• BOROS COLLECTION (2010) by Jens Casper/Realarchitektur
      The listed air raid bunker was constructed during WWII based on plans by architect Karl Bonatz. In 2003 art collector Christian Boros commissioned Jens Casper of Realarchitektur to design a place for him and his family to live in and house his collection.
    • RADIALSYSTEM V (2006) Gerhard Spangenberg
      The cultural centre was once Berlin’s largest pumping station. Built for the implementation of a new wastewater management system in 1900, the refurbished pumping station is now home to the Akademie für Alte Musik Berlin and the dance ensemble Sasha Waltz & Guests.
  • 1.30 - 4 pm Modern Urban Visions  
    Hansaviertel is a showcase of modernist architecture. Severely destroyed during WWII, the area was rebuilt for the International Building Exhibition (IBA ‘57). The »city of tomorrow« consists of 35 projects, which comprise 1.160 living units. They were realized by star modernists like Oscar Niemeyer, Arne Jacobson or Hans Schwippert.
  • 1.30 - 4 pm Materials In Good Shape
    Evergrowing building regulations and energetic standards often come with functional and aesthetical compromise within the design. More and more architects make a broad statement against these restrictions with smart re-dedication of materials or bold structures. With stops at:
    • C13 (2013) Kaden + Lager
      C13 is one of the highest low-energy houses in wooden frame construction in Berlin. It was awarded with national and international architectural awards for its innovative construction and the representation of the urban structures within the building.
    • CHRISTINENSTRAßE 39 (2014) zanderroth Architekten
      The 7-storey building in Christinenstrasse is a habitable monolith made of in-situ cast concrete. The modern lightweight material was used to provide load-bearing properties as well as high-quality thermal insulation.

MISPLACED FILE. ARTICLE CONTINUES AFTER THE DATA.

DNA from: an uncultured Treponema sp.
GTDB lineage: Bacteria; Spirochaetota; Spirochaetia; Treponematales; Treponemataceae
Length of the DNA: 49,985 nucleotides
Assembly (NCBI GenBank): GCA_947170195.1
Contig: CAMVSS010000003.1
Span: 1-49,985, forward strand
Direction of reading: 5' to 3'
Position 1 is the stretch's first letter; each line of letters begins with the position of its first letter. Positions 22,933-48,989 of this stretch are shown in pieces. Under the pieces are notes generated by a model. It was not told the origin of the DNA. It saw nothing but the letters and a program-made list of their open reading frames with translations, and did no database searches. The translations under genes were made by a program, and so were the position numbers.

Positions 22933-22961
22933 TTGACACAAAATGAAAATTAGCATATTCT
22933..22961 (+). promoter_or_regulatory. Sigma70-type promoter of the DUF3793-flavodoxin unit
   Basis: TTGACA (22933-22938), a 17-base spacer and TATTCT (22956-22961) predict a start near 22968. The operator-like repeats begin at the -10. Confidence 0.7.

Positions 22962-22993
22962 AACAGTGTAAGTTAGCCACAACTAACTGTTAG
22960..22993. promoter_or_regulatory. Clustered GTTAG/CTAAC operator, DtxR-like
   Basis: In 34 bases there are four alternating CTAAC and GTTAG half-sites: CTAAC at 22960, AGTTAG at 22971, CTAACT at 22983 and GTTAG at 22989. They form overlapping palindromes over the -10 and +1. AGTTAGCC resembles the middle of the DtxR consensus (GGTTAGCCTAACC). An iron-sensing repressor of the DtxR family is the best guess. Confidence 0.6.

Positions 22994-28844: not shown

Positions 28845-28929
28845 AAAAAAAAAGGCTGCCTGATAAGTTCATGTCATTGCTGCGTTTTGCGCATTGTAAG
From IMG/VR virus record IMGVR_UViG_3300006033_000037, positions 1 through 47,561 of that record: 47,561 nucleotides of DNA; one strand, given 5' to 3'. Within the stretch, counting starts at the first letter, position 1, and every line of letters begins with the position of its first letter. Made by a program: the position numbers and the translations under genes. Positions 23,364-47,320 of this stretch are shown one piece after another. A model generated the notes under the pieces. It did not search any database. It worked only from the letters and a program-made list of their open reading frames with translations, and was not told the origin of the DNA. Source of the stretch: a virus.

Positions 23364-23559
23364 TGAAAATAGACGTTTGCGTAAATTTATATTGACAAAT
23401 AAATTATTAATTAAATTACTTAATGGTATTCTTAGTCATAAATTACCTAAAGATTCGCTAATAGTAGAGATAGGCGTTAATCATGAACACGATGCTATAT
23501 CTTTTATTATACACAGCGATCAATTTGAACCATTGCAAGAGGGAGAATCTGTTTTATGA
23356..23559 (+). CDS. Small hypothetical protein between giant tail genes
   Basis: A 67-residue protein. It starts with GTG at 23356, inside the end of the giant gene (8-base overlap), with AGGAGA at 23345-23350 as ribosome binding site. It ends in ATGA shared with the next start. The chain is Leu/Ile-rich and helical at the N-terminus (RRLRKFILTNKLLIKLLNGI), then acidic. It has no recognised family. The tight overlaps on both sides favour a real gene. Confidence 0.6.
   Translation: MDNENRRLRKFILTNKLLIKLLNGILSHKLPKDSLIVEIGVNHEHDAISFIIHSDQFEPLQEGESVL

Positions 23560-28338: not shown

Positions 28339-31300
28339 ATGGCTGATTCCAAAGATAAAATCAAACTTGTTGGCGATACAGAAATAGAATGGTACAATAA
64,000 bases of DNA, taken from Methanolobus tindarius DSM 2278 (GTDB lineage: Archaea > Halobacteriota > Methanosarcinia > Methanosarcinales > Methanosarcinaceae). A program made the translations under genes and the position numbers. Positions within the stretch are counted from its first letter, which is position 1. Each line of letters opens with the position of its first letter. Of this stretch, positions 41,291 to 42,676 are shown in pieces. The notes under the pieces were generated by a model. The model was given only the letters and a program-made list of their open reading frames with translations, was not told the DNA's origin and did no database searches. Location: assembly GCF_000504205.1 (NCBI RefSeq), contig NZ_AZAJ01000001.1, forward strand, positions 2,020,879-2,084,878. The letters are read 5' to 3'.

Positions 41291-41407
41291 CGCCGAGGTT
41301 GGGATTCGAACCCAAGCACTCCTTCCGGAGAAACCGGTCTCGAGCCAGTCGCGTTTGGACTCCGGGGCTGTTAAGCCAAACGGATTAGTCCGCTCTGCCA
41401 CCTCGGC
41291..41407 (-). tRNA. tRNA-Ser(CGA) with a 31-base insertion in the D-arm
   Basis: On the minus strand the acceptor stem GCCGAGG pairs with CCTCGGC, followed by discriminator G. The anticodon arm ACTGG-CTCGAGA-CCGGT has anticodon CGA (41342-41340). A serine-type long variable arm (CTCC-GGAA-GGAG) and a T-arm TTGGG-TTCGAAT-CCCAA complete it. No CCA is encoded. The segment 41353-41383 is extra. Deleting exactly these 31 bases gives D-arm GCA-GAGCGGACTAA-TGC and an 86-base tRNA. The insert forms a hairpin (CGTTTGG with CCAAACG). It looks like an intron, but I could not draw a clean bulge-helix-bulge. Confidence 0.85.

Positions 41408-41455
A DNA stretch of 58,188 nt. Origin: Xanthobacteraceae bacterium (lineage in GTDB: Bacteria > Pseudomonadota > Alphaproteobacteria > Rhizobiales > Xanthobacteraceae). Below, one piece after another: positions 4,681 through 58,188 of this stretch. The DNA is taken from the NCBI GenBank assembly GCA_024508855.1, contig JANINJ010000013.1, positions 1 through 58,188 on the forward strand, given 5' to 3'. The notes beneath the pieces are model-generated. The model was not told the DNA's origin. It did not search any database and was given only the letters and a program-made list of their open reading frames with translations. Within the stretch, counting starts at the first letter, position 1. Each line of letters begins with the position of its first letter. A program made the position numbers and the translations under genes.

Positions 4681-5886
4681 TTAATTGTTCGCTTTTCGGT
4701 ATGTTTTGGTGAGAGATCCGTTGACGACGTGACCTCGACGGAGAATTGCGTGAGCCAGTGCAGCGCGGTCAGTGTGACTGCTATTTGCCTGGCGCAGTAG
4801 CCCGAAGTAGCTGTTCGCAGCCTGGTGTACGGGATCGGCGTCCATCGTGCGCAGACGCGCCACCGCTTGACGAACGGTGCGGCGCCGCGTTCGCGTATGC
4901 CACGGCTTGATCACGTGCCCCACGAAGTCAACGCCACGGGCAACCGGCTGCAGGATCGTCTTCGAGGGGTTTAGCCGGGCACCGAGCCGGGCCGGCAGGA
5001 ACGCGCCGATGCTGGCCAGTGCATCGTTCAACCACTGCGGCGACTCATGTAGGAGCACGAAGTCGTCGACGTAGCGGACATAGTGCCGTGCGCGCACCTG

• BRUNNENSTRASSE 9 (2010) Arno Brandlhuber
      This mixed-use building not only represents a practical way of living but it also defies the overregulated German construction laws. The façade consists of fixed glazing, the rest is finished with a R 50 (2013) ifau + Jesko Fezer + HEIDE & VON BECKERATH
      The 7-storey house in Ritterstraße is the latest version of new social living in Berlin: 19
      owner-occupied flats, with basic utilities such as washing and recreation confined to
      community areas. It is an economical construction, at only 2,000 € per sqm.translucent polycarbonate facade.               

Thursday 16.11.17

  • 10 am - 12.30 pm Urban Spectacle Part I: West Berlin
     Unusual shapes and bold statements – long before Berlin discussed the concept of critical reconstruction and its effects on the urban structure, the architectural community in both parts of divided Berlin produced confident stand-out pieces to showcase their visions for their city of the future. With stops at:
    • HAUS DER KULTUREN DER WELT (1957) by Hugh A. Stubbins
      The congress hall was an American contribution to INTERBAU 1957. Hugh A. Stubbins wanted to express the Western democratic ideals in a building visible from afar.
    • DEUTSCHE OPER (1961) by Fritz Bornemann
      Berlin’s largest music theater impresses with its clear shapes and the spacious appearance of the foyer. It joins functionality and austere elegance to perfection.
  • 1.30 - 4 pm Archiving Knowledge 
    Extraordinary public spaces with a clear design statement that are dedicated to printed and digital media can be found all over Berlin. The tour aimsto explore how they provide the atmosphere for research while at the same time operating on a highly efficient functional level. With stops at: